In 1922 a request came to President Coolidge from the President of Brazil, asking that Admiral Vogelgesang be detached from the Third Naval District and sent to Brazil to aid in the reconstruction of the Brazilian Navy. Our government did not heed the request, because under Admiral Vogelgesang, the Navy Yard had been free from strikes and had enjoyed the best financial status in years. Consequently, the Governor of New York, senators and other prominent New Yorkers protested that the Admiral should be retained at the Navy Yard.
A second request came asking for Admiral Vogelgesang, and no other; if he could not be spared Brazil would make a selection from the British Navy.
The value of establishing a brotherly relationship between the United States and Brazil was recognized. The Admiral was ordered to form his Commission, and with thirty-five selected Naval Officers, proceeded to Rio.
Having a basic knowledge of French and Spanish, he was able in six weeks' time to absorb the Portuguese language sufficiently to conduct his lectures to the Brazilian officers in their native tongue.
During his two years' service in Brazil as Naval Commissioner in the Diplomatic Service, he was instrumental in planting the first seeds of friendship between that country and the United States. As a mark of esteem for his excellent service the Brazilian Government sent a special envoy to place a plaque in the Mahan Library at Annapolis, in his honor.
Admiral Vogelgesang was detached as Chief of the Naval Mission to Brazil and returned to duty at Naval Operations, Navy Department, Washington. D.C., January, 1925.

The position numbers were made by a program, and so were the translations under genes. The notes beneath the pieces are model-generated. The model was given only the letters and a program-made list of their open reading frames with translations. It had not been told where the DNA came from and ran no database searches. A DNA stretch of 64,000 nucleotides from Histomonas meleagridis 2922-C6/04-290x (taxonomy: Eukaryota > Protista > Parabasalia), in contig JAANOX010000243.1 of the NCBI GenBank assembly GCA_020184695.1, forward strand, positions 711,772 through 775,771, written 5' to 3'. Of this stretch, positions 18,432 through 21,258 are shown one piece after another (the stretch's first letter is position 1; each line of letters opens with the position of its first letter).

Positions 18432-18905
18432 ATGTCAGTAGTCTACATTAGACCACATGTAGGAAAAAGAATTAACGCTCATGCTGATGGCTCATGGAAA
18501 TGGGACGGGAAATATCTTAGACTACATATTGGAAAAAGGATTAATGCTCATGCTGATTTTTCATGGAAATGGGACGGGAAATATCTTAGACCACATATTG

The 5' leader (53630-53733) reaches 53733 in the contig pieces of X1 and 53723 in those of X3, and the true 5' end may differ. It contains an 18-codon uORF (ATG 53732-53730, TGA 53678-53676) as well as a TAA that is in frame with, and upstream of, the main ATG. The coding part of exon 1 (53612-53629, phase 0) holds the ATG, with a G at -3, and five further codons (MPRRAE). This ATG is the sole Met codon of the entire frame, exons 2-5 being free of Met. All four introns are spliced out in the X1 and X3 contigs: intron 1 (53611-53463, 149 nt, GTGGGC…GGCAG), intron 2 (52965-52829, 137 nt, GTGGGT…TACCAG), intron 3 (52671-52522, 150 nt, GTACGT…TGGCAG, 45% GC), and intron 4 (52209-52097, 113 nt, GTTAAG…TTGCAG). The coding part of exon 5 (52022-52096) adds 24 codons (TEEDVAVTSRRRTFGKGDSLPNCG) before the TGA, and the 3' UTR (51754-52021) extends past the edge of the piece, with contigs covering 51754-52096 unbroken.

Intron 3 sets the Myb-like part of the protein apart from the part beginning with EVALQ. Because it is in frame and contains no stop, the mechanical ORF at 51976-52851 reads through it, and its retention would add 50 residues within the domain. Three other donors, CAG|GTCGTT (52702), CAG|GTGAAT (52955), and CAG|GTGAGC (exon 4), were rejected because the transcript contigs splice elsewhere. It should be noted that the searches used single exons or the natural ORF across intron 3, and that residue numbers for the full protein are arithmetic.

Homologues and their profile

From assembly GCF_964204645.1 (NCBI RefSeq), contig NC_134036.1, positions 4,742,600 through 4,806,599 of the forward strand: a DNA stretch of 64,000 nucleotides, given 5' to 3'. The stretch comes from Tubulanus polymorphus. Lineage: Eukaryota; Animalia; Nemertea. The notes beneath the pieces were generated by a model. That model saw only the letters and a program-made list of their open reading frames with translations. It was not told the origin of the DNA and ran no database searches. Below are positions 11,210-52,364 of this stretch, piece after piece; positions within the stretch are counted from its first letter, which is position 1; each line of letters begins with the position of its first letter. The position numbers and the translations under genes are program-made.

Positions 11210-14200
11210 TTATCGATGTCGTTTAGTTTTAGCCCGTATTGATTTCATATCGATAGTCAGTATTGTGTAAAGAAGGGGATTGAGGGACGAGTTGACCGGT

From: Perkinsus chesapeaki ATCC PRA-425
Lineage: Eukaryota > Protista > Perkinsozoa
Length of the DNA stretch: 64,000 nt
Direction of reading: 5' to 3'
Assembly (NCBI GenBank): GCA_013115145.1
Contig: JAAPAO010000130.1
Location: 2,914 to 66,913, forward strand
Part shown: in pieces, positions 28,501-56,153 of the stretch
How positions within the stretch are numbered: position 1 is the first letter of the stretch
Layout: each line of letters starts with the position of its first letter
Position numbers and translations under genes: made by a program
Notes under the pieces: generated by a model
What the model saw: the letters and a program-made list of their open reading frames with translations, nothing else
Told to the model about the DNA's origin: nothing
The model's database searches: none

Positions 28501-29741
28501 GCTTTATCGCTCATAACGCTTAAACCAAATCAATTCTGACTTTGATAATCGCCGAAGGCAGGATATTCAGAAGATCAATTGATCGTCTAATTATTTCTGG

In April, 1925, Admiral Vogelgesang assumed command of the Midshipman Summer Cruise with the USS New York as flagship, and came to the Pacific Coast. On his return from that cruise he was given command of the Fleet of Scout Cruisers, with USS Trenton as flagship.
It was while on this duty that he passed away, February 16, 1927.
He had so endeared himself to the Brazilian people that the entire Brazilian Legation was present at the burial services at Arlington. A year later, to commemorate the day, the Legation once more gathered there.
In New York on August 3, 1944, work began at the Bethlehem Steel Corporation shipyard at Staten Island on a new Destroyer. It was christened the "USS Vogelgesang (DD-862)" January 15, 1945, by his daughter Zenaide, now Mrs. Walter Bradley of Houston, Texas, and commissioned April 28, 1945.
The christening party included his widow and daughter-in-law, Mrs. Shepard Vogelgesang, Mrs. Gregory Davison, Mr. and Mrs. George Moulson, Barbara Jane Sullivan, Sp. T. 1/c USNR Lieutenant Bill Vogelgesang, USNR, and Lieut. Commander Woodson P. Vogelgesang, USNR, the last three named being on active duty with the Navy in that area.
Theodore, whose story began in the little mining town of Petersburg, had become the first Californian to reach the rank of Flag Officer in the United States Navy.
6 Sep 1886 - Appointed as naval cadet, U.S.
VOGELGESANG, CARL THEODORE
Captain, U.S. Navy
Chief of Staff to the Commander, U.S. Asiatic Fleet
Date of Action: World War I
The Navy Cross is presented to Carl T. Vogelgesang,
Captain, U.S. Navy, for exceptionally meritorious service in a duty of
great responsibility as chief of staff to commander in chief, U. S. Asiatic
VOGELGESANG, CARL THEODORE
Posted: 9 December 2006 Updated: 8 April 2009